breske-photoAshleigh Breske is a doctoral student (ABD) in the Planning, Governance, and Globalization program in the School of Public and International Affairs at Virginia Tech. Her research interests include cultural property protection in conflict zones, indigenous rights and global governance and indigenous property repatriation. She is currently working on projects exploring the governance of repatriation as a political practice and the international movement of cultural property. Ashleigh is currently serving as the managing editor for the Review of Middle East Studies (RoMES). She holds a Bachelor of Science in Biology from Virginia Tech and a Master of Arts in Liberal Studies from Hollins University.



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Hogra and Youth Inclusion in the MENA region

“Hogra” and youth exclusion in the MENA region (Middle East and North Africa)

Hogra is a word used in Morocco, Algeria and Tunisia to describe the anger, rage and humiliation experienced by individuals and communities that have been deprived of their basic human rights. Hogra is the feeling of exclusion one experiences when it becomes evident that you are not being treated equitably or fairly in the provision of public services or in the protection of your civil or human rights. It may manifest itself in an encounter with a public official who refuses, for no defensible reason, to provide a copy of one’s birth certificate, when one is denied health care because of their poverty or social background or when a police officer abuses his power during a public protest concerning the need for employment.  Hogra describes a perceived loss of dignity.

Hogra is what Mohamed Bouazizi, a Tunisian street vendor likely felt when he set himself on fire in response to the degrading confiscation of his wares at the hands of a municipal official on December, 17th, 2010.  This tragic event became the catalyst of the Tunisian revolution and triggered other serious protests against the institutionalized humiliation that some other governments in the MENA region had also long practiced.  Young protesters from Morocco to Yemen criticized a lack of job opportunities during 2010-2011 protests, as well as the difficult political circumstances fueled by the frequent abuse of the rule of law by local authorities in those nations.

Hogra is both a cause and a consequence of the parlous conditions youth face in the MENA nations. Boudarbat and Ajbilou (2007, 5) have defined exclusion in the context of Morocco as, “not just a condition, but rather a process which marginalizes certain individuals.” They have argued that youth exclusion from society is not solely economic, but also political, social and cultural and have emphasized that five main drivers work to marginalize young people: poor macroeconomic performance, rapid urbanization, persistent poverty, poorly performing labor markets and family dynamics. These realities explain how exclusion manifests itself in Morocco and in the MENA[1] region more generally.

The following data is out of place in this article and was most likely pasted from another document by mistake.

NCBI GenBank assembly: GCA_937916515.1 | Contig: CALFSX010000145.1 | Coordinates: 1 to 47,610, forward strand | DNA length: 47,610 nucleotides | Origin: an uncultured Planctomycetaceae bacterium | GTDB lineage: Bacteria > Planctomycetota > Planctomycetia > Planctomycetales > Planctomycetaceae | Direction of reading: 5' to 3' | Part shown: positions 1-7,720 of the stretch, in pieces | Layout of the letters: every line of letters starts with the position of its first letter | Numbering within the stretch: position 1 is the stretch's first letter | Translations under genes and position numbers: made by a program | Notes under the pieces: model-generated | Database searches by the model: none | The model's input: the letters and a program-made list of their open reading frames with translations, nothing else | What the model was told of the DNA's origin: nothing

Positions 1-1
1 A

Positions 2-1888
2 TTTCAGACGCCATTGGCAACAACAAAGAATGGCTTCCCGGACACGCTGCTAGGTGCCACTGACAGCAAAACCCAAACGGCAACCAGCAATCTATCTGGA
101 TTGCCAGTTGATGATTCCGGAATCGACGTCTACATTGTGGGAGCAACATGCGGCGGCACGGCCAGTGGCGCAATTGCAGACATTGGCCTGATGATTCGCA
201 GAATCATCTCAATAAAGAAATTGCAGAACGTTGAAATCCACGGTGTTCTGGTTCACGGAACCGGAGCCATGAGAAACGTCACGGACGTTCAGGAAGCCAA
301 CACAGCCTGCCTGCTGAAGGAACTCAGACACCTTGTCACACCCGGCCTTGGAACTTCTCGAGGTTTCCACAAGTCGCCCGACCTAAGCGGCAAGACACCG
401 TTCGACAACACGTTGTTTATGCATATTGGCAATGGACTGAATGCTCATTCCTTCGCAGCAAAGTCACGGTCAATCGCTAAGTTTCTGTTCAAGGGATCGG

Social and economic marginalization sets young people from impoverished households apart from mainstream society and limits their opportunities to exercise agency and to participate in a wide range of activities. According to the Organization for Economic Co-operation and Development (OECD 2016), with unemployment levels exceeding 30% in most MENA countries and an even greater share of young men and women underemployed or out of the labor force, those nations are deprived of a key source of their future social and economic development. This does not necessarily imply that these youths are not seeking such possibilities. Overall, despite the challenges they face and the difficulties implicit in providing avenues for their productive engagement, MENA nation underprivileged youth represent key potential agents for efforts aimed at securing positive socio-economic change:

Young Arabs have a lot of momentum to contribute to their communities and become agents of positive change in their countries’ economies. In general, the tension that exists between human potential and utilization lies not in a lack of purpose, but instead in the perceived and real dearth of economic opportunities (Gallup 2009).